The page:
For some reason, I didn't keep a list of all the books I have read this year. I'm not quite sure why, I just didn't.
So, I'm going to be dredging up 10 of the best books I read this year, inspired by Jenners' post on Find Your Next Book Here. Several were published this year, but some weren't. I'm also going to give you a little bit of my opinion on each because, well, this is my blog and I can do that.
In no particular order, here are my 10 favorite books of 2009:
1. The Elegance of the Hedgehog by Muriel Barbery
Even though I said I wasn't going to rank them, this book is at the absolute top of the list of books I have read in at least the last five years. It is that good. Funny, poignant and very, very smart, this is one book no one should miss.
2. Blindness by Jose Saramago
This book made me think a lot about the human condition and the brutality of men (In the way that Lord of the Flies makes you think). I watched the film shortly after reading the book and, although I thought the movie was fairly faithful in its rendering, I liked the book better. This was one I couldn't put down.
3. The Forgotten Garden by Kate Morton
I absolutely adored Morton's debut novel, The House at Riverton, so when this one came out, I had to read it. The thing I love about Kate Morton is that she gets you thinking you've solved the mystery, but she throws in enough red herrings along the way to make you re-evaluate your analysis every so often.
4. Sing Them Home by Stephanie Kallos
The concept of this book sounded interesting, so I picked it up. Although it seemed a little hard to fight through near the middle, the payoff is well worth the wait. This is realistic fantasy at its finest.
5. The White Queen by Philippa Gregory
I adore Philippa Gregory's historical fiction, and I was glad to see her begin to tackle the Plantagenets in another series. This is one of those books in which so much happens, you don't think anymore could possibly happen, but then you notice you're only halfway through the book.
6. The Graveyard Book by Neil Gaiman
This is one of those books that I recommend to every kid that walks through the door of the library. It is imaginative (But when are Gaiman's books not imaginative?) and poignant, and they exist on a level that not only speaks to kids without talking down to them, but also to adults without boring them.
7. War and Peace by Leo Tolstoy
No one's list of great novels is complete without this monster. I loved how Tolstoy rendered not only the decadence of the upper classes realistically, but also that of the lower classes. If you'd like to read more about my debate over which character I actually liked, click here.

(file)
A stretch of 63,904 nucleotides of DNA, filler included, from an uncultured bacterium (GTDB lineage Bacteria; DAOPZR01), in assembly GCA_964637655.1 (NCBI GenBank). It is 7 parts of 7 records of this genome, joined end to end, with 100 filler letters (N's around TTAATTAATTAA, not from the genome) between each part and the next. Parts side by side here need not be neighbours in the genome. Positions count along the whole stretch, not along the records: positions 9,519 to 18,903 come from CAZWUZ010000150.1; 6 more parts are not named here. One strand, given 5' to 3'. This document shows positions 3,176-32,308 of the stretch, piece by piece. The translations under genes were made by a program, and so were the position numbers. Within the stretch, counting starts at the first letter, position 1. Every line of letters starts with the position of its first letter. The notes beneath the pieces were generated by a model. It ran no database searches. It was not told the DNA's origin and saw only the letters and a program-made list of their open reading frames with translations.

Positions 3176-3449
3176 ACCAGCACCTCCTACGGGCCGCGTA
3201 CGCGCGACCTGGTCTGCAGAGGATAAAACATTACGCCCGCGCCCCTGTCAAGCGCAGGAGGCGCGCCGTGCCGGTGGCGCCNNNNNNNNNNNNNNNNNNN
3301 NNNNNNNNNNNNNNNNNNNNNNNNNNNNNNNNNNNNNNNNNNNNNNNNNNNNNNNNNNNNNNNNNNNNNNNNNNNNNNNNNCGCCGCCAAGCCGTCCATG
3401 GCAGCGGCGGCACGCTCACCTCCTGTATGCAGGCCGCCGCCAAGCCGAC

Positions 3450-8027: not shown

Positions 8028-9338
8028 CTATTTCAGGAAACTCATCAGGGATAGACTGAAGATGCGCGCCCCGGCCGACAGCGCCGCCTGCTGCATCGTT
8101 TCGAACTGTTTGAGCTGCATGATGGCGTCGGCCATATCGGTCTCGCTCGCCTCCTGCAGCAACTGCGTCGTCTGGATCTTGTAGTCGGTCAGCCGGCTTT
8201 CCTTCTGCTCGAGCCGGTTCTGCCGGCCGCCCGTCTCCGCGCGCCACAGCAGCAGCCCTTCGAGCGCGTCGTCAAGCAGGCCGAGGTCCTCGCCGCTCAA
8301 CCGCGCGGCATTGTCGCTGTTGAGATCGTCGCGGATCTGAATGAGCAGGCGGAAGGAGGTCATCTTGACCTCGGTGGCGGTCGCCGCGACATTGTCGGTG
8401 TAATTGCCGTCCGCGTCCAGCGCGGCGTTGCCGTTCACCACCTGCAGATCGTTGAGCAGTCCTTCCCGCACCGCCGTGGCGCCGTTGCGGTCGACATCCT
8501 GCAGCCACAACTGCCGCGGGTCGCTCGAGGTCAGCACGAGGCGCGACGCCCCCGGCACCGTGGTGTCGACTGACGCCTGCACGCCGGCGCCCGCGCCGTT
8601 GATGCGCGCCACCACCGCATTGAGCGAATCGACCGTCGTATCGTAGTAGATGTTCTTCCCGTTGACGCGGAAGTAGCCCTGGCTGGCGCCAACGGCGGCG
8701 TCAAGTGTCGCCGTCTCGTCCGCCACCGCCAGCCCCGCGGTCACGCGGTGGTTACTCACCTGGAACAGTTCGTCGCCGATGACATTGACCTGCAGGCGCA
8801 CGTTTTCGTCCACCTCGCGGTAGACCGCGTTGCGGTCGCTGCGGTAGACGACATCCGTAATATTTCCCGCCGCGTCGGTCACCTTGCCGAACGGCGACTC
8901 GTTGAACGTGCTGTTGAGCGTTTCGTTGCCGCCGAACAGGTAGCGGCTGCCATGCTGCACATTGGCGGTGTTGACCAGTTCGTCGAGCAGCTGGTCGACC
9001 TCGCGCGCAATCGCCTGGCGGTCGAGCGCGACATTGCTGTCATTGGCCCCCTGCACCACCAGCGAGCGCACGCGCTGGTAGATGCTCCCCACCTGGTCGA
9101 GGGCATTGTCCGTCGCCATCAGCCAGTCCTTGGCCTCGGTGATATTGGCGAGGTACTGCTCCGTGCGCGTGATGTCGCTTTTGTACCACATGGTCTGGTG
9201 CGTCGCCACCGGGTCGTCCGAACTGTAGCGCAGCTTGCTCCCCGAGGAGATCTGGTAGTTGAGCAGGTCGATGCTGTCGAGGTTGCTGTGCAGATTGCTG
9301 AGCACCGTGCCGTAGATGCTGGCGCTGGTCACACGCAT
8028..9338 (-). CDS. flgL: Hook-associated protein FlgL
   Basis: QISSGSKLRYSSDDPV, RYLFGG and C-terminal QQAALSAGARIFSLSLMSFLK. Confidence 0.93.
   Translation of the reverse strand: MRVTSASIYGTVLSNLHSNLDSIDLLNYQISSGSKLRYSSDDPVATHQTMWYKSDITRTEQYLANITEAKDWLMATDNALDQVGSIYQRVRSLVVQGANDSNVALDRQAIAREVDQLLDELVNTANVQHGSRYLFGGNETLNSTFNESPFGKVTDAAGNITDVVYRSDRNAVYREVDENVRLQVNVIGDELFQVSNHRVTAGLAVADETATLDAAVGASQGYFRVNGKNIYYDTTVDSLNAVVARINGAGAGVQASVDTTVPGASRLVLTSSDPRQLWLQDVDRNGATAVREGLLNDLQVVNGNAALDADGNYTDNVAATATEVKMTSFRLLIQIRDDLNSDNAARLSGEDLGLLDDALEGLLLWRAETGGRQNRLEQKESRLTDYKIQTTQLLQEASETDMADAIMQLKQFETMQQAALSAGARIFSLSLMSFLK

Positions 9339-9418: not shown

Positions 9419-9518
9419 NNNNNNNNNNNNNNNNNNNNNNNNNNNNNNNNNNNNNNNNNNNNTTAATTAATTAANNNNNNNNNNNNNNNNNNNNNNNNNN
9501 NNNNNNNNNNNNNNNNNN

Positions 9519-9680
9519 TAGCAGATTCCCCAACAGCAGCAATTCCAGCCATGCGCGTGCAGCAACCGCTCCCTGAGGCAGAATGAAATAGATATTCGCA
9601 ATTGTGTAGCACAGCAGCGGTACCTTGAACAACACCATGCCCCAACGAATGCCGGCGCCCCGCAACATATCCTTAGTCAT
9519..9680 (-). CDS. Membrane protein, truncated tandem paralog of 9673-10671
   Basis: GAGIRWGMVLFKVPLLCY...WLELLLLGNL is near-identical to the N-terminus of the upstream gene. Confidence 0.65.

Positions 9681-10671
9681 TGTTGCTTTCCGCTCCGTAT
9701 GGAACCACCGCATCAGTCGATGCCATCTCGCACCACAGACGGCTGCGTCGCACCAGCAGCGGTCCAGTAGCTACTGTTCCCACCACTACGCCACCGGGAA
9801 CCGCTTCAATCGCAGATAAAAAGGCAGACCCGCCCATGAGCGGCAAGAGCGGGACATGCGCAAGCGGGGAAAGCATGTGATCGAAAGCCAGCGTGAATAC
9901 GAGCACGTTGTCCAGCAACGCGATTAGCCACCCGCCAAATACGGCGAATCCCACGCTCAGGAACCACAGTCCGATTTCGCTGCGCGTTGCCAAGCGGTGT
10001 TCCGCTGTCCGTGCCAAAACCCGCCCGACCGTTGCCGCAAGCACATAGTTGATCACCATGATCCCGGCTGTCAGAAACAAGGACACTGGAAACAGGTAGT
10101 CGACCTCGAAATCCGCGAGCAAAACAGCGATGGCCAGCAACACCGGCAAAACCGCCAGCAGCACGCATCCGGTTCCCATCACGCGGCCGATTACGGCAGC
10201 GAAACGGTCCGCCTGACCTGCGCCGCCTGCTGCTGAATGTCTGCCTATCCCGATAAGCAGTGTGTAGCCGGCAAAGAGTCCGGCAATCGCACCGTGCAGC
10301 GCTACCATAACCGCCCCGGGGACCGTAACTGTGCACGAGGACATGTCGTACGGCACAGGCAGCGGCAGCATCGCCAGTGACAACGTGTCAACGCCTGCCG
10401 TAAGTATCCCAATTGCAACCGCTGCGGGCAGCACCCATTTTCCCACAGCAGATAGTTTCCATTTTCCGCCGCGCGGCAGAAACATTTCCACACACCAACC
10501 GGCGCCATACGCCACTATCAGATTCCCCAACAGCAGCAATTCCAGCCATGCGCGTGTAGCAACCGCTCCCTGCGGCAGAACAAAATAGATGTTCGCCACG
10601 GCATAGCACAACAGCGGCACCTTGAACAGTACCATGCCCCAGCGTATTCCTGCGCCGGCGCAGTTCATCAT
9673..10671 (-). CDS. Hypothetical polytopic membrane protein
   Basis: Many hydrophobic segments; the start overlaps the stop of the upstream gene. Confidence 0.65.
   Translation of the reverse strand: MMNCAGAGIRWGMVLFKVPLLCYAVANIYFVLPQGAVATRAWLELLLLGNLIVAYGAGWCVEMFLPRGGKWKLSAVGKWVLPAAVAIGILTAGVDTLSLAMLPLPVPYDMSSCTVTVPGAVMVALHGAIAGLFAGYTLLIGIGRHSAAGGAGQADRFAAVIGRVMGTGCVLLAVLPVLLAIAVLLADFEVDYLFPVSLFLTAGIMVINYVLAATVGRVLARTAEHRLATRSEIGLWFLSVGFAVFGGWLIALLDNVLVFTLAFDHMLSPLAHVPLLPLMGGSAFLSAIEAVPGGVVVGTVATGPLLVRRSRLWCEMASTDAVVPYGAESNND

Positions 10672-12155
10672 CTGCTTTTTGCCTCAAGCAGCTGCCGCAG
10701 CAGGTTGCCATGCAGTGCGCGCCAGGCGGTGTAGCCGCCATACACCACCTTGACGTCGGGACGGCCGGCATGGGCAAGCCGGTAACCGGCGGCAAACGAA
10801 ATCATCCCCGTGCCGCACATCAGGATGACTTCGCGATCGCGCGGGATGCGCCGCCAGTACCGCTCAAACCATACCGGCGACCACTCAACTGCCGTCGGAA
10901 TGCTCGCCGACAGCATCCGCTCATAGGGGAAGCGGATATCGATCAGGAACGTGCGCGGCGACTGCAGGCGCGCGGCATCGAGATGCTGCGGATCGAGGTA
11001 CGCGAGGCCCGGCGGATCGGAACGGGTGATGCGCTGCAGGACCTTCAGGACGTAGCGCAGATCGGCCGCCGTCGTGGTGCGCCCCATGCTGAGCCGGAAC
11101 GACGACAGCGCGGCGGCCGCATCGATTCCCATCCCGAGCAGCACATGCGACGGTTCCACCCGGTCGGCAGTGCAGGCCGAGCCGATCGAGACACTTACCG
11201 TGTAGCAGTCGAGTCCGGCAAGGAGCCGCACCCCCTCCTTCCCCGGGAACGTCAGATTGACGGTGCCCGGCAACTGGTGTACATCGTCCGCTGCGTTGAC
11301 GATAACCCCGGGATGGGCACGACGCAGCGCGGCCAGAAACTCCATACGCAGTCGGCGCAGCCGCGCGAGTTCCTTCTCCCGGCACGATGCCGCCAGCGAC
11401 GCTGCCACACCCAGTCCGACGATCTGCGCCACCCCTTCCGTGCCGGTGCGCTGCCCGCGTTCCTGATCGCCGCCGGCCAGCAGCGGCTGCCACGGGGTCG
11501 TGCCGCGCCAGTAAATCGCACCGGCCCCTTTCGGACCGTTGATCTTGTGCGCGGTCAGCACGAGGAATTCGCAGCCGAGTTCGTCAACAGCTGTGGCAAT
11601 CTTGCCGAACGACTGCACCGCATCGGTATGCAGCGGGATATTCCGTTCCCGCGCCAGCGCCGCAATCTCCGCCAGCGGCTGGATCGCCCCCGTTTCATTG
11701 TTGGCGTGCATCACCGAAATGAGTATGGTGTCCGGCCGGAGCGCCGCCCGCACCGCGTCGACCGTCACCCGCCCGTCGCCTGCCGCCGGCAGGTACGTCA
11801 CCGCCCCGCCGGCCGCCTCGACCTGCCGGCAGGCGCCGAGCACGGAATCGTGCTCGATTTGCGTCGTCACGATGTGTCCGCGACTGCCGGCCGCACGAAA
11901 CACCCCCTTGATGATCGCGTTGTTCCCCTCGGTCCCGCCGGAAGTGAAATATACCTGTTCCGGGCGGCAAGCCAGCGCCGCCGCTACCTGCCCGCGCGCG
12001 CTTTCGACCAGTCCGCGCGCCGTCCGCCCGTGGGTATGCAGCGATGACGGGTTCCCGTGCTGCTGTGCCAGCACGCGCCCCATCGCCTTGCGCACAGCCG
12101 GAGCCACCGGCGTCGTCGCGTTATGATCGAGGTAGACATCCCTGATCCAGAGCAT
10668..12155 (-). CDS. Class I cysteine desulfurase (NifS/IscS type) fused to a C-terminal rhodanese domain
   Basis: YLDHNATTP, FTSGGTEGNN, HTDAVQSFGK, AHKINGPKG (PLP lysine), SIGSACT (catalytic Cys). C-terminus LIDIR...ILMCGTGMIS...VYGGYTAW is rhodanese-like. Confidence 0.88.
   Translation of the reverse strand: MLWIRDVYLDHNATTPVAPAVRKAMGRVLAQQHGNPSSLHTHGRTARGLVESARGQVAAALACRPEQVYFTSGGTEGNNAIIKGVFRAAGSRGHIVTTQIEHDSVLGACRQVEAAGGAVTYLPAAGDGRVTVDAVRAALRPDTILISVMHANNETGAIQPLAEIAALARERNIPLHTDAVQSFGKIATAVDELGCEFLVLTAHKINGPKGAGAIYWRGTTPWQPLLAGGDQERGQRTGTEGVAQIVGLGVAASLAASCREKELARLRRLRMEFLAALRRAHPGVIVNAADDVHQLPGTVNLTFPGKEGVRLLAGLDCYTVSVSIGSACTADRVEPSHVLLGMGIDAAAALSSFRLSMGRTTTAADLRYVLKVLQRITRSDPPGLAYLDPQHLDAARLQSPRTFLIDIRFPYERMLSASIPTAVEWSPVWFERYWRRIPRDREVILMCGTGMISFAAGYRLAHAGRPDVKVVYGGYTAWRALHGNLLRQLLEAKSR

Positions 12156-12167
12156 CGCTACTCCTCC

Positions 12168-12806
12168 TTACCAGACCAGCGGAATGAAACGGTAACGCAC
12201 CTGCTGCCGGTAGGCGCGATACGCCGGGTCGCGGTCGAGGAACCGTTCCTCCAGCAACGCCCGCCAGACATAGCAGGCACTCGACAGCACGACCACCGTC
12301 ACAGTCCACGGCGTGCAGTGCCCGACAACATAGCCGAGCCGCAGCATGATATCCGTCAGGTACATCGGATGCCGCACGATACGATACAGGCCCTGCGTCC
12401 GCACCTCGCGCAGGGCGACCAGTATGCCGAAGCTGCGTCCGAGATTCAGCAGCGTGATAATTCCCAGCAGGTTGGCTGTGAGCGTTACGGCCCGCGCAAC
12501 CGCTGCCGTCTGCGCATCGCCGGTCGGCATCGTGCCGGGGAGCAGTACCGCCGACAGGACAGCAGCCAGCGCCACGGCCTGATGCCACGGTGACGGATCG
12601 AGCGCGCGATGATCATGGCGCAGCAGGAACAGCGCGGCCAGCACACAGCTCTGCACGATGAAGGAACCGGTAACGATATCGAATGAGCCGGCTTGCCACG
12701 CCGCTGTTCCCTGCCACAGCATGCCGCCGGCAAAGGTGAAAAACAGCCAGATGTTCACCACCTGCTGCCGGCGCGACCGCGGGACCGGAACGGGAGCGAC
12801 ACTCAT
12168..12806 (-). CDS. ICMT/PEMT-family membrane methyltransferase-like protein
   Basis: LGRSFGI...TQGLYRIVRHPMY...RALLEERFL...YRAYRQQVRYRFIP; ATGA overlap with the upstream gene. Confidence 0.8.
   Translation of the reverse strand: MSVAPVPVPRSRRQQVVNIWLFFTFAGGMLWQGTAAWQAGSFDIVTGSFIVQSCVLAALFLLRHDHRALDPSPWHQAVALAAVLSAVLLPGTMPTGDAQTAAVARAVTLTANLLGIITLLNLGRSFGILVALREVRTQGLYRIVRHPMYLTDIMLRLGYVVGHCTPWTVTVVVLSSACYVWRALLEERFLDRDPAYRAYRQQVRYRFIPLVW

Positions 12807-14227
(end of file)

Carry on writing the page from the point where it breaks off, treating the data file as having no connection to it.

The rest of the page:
8. The Satanic Verses by Salman Rushdie
This book took me the longest to read of any this year, partially because of personal circumstances, but also because Rushdie can be really difficult to read at times. This book is audacious, though (If it weren't Rushdie wouldn't have spent a decade hiding because there was a fatwa out against him), and it presents a very interesting view of religion.
9. The Plot Against America by Philip Roth
Roth gives a very interesting re-imagining of the 1940s in which FDR is defeated in the 1940 election by Charles Lindbergh. What results is a much less violent anti-Semitism than was seen in Nazi territory, but something very disturbing nonetheless.
10. The Little Prince by Antoine de Saint-Exupery
I couldn't believe it had taken me 24 years to finally read this book. It is so beautiful I was in tears most of the time. This is one that definitely transcends the boundaries of juvenile literature to present something that can speak to adults.
I seem to have forgotten two books that I read this year which should be on this list!
11. Olive Kitteridge by Elizabeth Strout
This book won the Pulitzer for a reason. It's hard to tell if you like Olive or hate Olive, but she is definitely one of the most interesting, well-rounded, vital characters I've met in a long time.
12. The Guernsey Literary and Potato Peel Pie Society by Mary Ann Shaffer and Annie Barrows
At first, I didn't want to read this book because it was all over blogs and lists of "recommended book club reading," which is kind of like Oprah's Book Club and the NYT Bestseller list in terms of turning me off. But, I'm glad I did. In a fairly simple epistolary novel, the authors show the power of reading and books in the lives of an island ravaged by war.
PS -- Thanks to martine frampton for mentioning both these books on her blog. You made me realize I had left out some great books!
1. Maximum Ride series by James Patterson
2. House of Night series by P.C. and Kristin Cast
3. Vampire Academy series by Richelle Mead
4. Her Fearful Symmetry by Audrey Niffenegger
5. The Man Who Loved Jane Austen by Sally Smith O'Rourke
6. The Golden Compass and The Subtle Knife by Phillip Pullman
7. Pride and Prejudice and Zombies by Jane Austen and Seth Grahame-Smith
8. American Wife by Curtis Sittenfeld
9. Open House, Home Safe and Talk Before Sleep by Elizabeth Berg
10. Super-Toys Last All Summer Long: And Other Stories of Future Time by Brian Aldiss